Smithsonian Curators to Collect 2012 Political Convention Memorabilia
Tampa, Charlotte Next on Collecting Trail
Wielding large portfolios under their arms, Political History Curators Larry Bird and Harry Rubenstein of the Smithsonian’s National Museum of American History will wind their way through the crowds at the Republican and Democratic National Conventions, not to find a better vantage, but to scout out the best political memorabilia. Since the late 1980s, the duo have been attending party primaries and conventions to collect signs, buttons, posters, hats, sunglasses and other novelties for the museum. It is just one step in the ongoing effort to preserve materials for future generations to study the American political movements.
Every four years “Harry and Larry,” as they are known, attend both conventions to speak with delegates, volunteers, vendors, supporters and protestors about the ways they personally engage in the political process. The curators’ goal is to bring back material that speaks to the atmosphere of the conventions. Their collecting forms part of a large research collection in American presidential politics, and the objects are used to tell campaign stories in museum exhibitions such as “The American Presidency” and “The First Ladies.”
Through their longtime collecting, Rubenstein and Bird have achieved notable national recognition for their collecting at both major party conventions, the Iowa caucus and New Hampshire primaries, and have appeared on national news shows.
“By actively collecting various pieces from the conventions, whether it’s mass generated or self-made, we can document the larger democratic process of America and learn how people personally engage with this process,” Rubenstein said.
During the conventions, the two curators look to collect memorabilia from various parts of the process and from a variety of people. The collection allows researchers and visitors to study and compare how each election season brings new materials, trends and strategies to the political forefront.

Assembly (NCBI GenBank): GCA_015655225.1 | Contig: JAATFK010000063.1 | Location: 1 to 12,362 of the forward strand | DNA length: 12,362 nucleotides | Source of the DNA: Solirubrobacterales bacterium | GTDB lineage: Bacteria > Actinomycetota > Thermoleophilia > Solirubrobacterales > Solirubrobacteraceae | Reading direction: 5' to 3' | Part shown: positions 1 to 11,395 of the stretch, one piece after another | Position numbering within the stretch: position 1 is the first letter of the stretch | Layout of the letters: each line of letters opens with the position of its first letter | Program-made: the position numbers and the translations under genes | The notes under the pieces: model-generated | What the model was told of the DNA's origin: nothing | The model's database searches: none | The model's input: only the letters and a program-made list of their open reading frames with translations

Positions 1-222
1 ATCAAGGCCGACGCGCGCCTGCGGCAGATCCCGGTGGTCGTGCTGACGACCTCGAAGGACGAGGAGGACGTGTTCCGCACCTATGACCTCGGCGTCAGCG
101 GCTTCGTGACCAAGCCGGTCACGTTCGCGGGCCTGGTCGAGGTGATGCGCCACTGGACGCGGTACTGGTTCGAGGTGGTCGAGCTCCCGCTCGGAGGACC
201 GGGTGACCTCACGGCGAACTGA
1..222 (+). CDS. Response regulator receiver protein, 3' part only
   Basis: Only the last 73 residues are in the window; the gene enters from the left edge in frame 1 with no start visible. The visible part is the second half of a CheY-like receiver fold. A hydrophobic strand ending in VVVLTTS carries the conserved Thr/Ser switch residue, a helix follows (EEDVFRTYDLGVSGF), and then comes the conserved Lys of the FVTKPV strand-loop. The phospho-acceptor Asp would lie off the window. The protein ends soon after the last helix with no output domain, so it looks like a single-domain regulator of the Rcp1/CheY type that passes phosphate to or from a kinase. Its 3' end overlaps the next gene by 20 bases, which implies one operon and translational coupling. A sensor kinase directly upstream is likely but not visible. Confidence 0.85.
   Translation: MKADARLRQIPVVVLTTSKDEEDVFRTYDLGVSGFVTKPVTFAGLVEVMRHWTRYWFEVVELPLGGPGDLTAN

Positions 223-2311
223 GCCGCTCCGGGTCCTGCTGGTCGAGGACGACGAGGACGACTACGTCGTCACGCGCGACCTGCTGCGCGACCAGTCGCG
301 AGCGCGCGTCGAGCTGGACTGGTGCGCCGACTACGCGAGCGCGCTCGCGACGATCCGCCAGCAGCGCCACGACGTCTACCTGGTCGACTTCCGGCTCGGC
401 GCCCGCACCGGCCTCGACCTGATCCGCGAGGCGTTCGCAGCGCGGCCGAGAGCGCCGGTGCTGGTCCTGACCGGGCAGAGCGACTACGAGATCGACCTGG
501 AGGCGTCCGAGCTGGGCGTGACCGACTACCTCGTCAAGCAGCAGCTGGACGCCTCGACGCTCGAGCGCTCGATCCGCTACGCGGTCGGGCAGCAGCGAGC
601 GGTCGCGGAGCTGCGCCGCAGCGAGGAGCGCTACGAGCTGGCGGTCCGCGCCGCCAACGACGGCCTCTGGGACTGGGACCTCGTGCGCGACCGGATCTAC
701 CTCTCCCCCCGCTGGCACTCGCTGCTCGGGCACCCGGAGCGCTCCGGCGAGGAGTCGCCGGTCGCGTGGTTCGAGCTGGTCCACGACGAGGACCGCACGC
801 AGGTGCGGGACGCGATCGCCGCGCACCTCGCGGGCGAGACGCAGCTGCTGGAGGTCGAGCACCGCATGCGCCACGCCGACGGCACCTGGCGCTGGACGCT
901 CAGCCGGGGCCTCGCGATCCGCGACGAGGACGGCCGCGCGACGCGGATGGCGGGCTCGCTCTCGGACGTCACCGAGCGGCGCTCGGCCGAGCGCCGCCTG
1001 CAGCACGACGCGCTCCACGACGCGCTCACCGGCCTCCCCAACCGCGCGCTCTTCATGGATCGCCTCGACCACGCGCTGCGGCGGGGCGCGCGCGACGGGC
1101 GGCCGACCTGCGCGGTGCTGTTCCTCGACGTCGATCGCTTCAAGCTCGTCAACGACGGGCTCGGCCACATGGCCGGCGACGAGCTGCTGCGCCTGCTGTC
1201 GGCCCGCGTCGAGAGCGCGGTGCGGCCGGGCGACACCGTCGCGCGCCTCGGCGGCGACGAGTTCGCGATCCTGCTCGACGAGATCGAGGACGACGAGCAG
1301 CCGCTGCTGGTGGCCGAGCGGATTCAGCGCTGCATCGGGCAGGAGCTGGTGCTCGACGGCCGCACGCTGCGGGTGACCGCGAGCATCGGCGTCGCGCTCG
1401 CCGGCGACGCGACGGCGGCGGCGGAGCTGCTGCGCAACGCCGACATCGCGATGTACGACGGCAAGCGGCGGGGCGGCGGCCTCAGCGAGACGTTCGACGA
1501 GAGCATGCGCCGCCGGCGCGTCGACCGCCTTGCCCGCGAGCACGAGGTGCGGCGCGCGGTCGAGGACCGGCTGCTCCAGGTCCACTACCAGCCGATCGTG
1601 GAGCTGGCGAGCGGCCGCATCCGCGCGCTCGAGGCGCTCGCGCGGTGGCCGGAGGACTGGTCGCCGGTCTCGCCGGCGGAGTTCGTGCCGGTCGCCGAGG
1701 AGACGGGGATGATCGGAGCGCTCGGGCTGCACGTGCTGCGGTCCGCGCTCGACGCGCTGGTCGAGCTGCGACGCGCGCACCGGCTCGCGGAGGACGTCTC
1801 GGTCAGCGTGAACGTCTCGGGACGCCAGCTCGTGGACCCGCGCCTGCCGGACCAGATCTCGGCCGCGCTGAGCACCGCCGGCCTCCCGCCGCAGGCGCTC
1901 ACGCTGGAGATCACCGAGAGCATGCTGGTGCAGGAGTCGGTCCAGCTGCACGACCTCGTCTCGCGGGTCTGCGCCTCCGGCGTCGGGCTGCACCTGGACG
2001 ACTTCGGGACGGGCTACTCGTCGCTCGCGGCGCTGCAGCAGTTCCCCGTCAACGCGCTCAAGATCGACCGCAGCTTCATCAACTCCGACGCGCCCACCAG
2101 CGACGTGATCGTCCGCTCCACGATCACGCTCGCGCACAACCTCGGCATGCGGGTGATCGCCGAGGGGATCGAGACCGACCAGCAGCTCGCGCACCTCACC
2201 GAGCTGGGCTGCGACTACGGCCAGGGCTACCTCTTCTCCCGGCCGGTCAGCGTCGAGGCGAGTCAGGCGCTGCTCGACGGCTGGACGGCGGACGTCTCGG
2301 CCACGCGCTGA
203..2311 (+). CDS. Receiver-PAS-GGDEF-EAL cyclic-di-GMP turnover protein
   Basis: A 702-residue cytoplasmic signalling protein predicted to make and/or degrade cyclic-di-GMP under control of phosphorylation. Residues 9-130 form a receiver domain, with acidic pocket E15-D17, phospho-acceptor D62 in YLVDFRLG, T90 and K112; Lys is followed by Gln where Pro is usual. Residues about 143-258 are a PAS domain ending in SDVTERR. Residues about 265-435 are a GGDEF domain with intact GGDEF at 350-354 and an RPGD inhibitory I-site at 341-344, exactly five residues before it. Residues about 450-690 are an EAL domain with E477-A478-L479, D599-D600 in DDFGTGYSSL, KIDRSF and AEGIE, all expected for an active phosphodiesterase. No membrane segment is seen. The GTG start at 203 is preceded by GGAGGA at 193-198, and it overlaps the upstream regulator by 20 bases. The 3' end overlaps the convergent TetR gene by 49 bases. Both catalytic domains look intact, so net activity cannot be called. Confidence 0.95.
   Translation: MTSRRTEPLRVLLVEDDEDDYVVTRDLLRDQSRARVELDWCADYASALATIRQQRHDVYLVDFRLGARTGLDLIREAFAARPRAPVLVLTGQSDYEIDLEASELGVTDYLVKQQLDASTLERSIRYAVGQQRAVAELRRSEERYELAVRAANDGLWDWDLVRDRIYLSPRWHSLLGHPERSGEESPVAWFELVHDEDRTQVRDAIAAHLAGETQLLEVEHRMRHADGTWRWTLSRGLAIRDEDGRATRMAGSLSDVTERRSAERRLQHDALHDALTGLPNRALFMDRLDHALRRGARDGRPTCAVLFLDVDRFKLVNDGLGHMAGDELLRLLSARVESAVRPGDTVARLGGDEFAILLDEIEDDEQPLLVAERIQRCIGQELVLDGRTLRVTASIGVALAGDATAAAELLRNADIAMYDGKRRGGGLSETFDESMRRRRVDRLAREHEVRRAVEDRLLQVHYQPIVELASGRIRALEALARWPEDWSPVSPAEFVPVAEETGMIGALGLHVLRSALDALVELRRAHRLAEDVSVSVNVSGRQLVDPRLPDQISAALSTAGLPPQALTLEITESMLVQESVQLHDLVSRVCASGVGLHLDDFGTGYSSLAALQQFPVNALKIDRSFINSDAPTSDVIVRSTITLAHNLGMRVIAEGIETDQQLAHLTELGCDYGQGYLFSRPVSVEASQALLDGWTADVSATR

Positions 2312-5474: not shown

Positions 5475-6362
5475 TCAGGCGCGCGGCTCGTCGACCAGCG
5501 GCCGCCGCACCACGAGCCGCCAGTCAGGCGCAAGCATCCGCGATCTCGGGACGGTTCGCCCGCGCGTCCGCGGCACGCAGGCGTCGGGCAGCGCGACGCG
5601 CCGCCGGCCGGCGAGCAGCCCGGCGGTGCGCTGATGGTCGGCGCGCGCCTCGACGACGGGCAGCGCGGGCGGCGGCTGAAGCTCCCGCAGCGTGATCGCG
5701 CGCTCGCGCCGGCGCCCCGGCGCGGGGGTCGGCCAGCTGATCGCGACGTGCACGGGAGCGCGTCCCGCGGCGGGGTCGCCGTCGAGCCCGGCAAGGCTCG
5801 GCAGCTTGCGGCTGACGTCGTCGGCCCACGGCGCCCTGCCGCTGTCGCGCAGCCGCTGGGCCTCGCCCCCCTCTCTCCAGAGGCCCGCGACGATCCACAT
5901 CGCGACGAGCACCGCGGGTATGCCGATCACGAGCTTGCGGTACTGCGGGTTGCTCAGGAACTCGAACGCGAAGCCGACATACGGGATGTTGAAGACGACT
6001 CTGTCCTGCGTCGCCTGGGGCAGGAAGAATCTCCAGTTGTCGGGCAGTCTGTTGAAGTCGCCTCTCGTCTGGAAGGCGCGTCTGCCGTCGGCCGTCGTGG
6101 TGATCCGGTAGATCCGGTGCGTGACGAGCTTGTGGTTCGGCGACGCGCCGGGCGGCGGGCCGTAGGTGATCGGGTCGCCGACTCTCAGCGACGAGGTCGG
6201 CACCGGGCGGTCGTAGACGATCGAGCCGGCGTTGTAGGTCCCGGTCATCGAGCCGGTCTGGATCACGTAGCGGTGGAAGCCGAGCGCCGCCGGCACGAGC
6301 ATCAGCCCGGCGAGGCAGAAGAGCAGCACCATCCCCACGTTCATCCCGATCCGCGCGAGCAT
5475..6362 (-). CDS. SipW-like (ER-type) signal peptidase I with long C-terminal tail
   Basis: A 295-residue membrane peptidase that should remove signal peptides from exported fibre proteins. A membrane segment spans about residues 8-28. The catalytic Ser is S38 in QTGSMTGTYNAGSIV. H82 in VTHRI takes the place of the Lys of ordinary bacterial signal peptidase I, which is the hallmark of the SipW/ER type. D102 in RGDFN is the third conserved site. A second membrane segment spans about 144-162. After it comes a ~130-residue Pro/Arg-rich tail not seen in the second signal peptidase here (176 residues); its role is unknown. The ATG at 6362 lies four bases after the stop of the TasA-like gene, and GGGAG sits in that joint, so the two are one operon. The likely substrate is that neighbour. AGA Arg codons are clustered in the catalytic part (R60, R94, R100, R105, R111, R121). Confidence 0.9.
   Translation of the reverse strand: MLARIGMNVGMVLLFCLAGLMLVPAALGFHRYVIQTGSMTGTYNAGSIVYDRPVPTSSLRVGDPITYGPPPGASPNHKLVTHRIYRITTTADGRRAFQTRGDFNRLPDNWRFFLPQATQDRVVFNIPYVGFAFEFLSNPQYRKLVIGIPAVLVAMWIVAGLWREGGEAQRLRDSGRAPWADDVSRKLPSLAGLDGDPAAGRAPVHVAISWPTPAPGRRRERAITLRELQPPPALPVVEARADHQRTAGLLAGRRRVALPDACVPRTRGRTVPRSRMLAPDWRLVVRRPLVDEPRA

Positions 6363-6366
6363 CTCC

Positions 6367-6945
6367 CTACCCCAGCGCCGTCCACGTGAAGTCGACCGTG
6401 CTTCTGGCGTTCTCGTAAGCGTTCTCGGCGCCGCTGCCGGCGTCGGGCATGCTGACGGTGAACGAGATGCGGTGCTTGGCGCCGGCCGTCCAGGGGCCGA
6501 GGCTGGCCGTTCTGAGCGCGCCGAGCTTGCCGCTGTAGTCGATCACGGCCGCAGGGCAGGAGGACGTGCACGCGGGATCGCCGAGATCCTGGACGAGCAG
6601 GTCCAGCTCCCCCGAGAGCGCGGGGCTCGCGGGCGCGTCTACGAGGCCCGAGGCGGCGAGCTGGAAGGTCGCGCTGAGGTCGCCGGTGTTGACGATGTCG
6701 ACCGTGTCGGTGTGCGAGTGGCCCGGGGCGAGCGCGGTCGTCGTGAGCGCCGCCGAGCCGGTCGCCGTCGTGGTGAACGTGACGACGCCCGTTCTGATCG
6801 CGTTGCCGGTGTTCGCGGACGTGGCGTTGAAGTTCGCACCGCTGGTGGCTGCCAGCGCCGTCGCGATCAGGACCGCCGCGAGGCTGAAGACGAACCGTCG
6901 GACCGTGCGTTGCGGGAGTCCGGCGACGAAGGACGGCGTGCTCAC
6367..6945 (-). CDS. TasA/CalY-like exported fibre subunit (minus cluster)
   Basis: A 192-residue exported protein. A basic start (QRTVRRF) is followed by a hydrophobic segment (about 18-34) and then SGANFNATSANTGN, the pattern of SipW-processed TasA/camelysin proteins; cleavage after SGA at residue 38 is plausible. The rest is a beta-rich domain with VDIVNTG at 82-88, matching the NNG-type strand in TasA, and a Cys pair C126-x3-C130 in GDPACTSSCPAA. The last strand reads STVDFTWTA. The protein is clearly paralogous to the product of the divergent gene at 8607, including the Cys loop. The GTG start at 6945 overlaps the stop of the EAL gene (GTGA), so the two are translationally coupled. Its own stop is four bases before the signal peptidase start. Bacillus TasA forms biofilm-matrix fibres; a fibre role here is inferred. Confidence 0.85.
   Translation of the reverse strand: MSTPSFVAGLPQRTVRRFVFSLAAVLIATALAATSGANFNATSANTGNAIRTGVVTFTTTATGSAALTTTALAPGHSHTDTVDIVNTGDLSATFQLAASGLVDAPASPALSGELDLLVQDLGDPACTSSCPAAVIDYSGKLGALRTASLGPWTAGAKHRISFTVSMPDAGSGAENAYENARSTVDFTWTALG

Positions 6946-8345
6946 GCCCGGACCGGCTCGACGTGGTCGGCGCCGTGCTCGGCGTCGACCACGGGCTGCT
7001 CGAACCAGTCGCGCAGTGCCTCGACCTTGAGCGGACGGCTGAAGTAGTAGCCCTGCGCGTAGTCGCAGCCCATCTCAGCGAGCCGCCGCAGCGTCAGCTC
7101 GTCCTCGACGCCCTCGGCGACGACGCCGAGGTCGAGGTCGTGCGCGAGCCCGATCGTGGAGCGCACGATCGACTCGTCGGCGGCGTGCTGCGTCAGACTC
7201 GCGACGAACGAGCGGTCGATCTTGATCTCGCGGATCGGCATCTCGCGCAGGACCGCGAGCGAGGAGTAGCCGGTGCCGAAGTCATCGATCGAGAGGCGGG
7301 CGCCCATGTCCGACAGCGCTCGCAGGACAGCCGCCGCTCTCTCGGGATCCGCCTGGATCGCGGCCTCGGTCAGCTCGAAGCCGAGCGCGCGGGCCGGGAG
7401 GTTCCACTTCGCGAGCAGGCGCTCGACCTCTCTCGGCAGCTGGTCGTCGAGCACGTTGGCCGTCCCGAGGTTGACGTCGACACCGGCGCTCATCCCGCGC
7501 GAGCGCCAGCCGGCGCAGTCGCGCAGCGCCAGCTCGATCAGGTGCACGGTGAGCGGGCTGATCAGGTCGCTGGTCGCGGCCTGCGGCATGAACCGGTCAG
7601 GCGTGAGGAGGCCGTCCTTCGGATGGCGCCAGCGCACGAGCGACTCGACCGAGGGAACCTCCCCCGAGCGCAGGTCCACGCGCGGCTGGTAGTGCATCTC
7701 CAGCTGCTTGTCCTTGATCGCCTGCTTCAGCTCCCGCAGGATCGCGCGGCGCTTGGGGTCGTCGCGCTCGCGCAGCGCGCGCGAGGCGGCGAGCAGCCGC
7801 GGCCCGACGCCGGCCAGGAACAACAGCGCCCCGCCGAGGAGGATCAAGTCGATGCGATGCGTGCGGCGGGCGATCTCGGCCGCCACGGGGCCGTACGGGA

“Politics isn’t just what happens up on the podium,” said Bird. “It’s also what happens on the convention floor, outside the building and at vendors’ stalls. These objects give a texture and a feel to the convention.” Putting their own political ideologies aside, the curators aim to collect from both parties equally. As a tradition, they make sure to pick up some of the red, white and blue confetti that inevitably accompanies the end of both conventions.
Today, the museum’s political history collection includes objects related to presidential history and political campaigning, as well as the history of the White House and first ladies; the civil rights, women’s suffrage and reform movements; the World War II home front; and labor history. The political history collection includes some important national treasures, such as the portable desk on which Thomas Jefferson wrote the Declaration of Independence, the top hat Abraham Lincoln wore the night he was assassinated and small metal buttons made to celebrate George Washington’s inauguration in 1789.
The National Museum of American History collects, preserves and displays American heritage in the areas of social, political, cultural, scientific and military history. For information about the museum, please visit http://americanhistory.si.edu or call Smithsonian Information at (202) 633-1000.
Note to editors: Bird and Rubenstein will be available to speak about issues related to the history of the political campaign process and its place within the larger context of the institution of the American presidency. Please call the museum’s Office of Public Affairs at (202) 633-3129 to schedule an interview.
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